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MICS4 Data Processing Workshop Multiple Indicator Cluster Surveys Data Processing Workshop Adding Sample Weights, Wealth Index, and GPS Data.

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Presentation on theme: "MICS4 Data Processing Workshop Multiple Indicator Cluster Surveys Data Processing Workshop Adding Sample Weights, Wealth Index, and GPS Data."— Presentation transcript:

1 MICS4 Data Processing Workshop Multiple Indicator Cluster Surveys Data Processing Workshop Adding Sample Weights, Wealth Index, and GPS Data

2 Secondary Data Processing Flow Export Data from CSPro Import Data into SPSS Recode Variables Add Sample Weights, Wealth Index, and GPS Data Run Tables MICS4 Data Processing Workshop

3 Adding Sample Weights

4 Sampling In most MICS surveys, if not all, samples are not self-weighting Household samples are selected with different probabilities of selection from each domain of interest –Examples: Regions, area (urban-rural), combination of these (typical in MICS), or other domains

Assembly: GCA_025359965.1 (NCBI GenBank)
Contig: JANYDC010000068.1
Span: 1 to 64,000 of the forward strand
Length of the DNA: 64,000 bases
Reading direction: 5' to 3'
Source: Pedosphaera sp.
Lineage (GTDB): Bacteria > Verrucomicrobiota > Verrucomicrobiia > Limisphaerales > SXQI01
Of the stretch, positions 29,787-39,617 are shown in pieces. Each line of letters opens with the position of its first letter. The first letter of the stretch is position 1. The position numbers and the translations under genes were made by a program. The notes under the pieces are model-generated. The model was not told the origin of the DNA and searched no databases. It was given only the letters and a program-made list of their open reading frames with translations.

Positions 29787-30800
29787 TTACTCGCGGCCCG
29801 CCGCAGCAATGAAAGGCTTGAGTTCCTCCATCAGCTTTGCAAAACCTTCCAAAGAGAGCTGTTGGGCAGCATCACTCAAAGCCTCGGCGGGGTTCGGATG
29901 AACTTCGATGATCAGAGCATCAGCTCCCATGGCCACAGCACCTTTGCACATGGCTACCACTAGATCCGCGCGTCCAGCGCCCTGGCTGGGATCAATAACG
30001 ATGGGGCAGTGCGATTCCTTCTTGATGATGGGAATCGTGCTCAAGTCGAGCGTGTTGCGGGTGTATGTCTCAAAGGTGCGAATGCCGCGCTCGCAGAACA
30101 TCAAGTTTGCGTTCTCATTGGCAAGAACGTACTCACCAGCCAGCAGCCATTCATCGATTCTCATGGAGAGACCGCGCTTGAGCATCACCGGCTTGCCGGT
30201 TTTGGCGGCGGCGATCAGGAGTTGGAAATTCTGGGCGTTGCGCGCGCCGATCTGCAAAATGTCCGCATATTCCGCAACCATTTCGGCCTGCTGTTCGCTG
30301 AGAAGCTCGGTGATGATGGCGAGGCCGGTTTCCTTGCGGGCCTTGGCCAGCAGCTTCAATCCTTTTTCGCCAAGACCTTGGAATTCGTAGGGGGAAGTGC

5 Sampling: Example Popstan Example: the probability of selecting a household for MICS interviews was not equal across all of Popstan The country has two regions: North and West (which are equal size) In North region –500 households were selected and interviewed per 10,000 In West Region –250 households were selected and interviewed per 10,000 Which means that overall –750 households were selected and interviewed from 20,000 MICS4 Data Processing Workshop

6 Sample Weights Sample weights are used to adjust the sample to produce accurate estimates for the whole country Sample weights are the inverse of the probabilities of selection For example, the weights for North and West region –North region10,000/500= 20 –West region10,000/250= 40 In North region, each household selected represents 20 households in that region – same figure is 40 in West MICS4 Data Processing Workshop

7 Sample Weights Overall, every household selected in Popstan represents households (20000/750) In other words, relative to a proportional selection (should be 375 households selected from each region), more households have been selected from North, less have been selected from West

8 Sample Weights This has to be compensated by using sample weights during analysis to re- calibrate the sample to the national level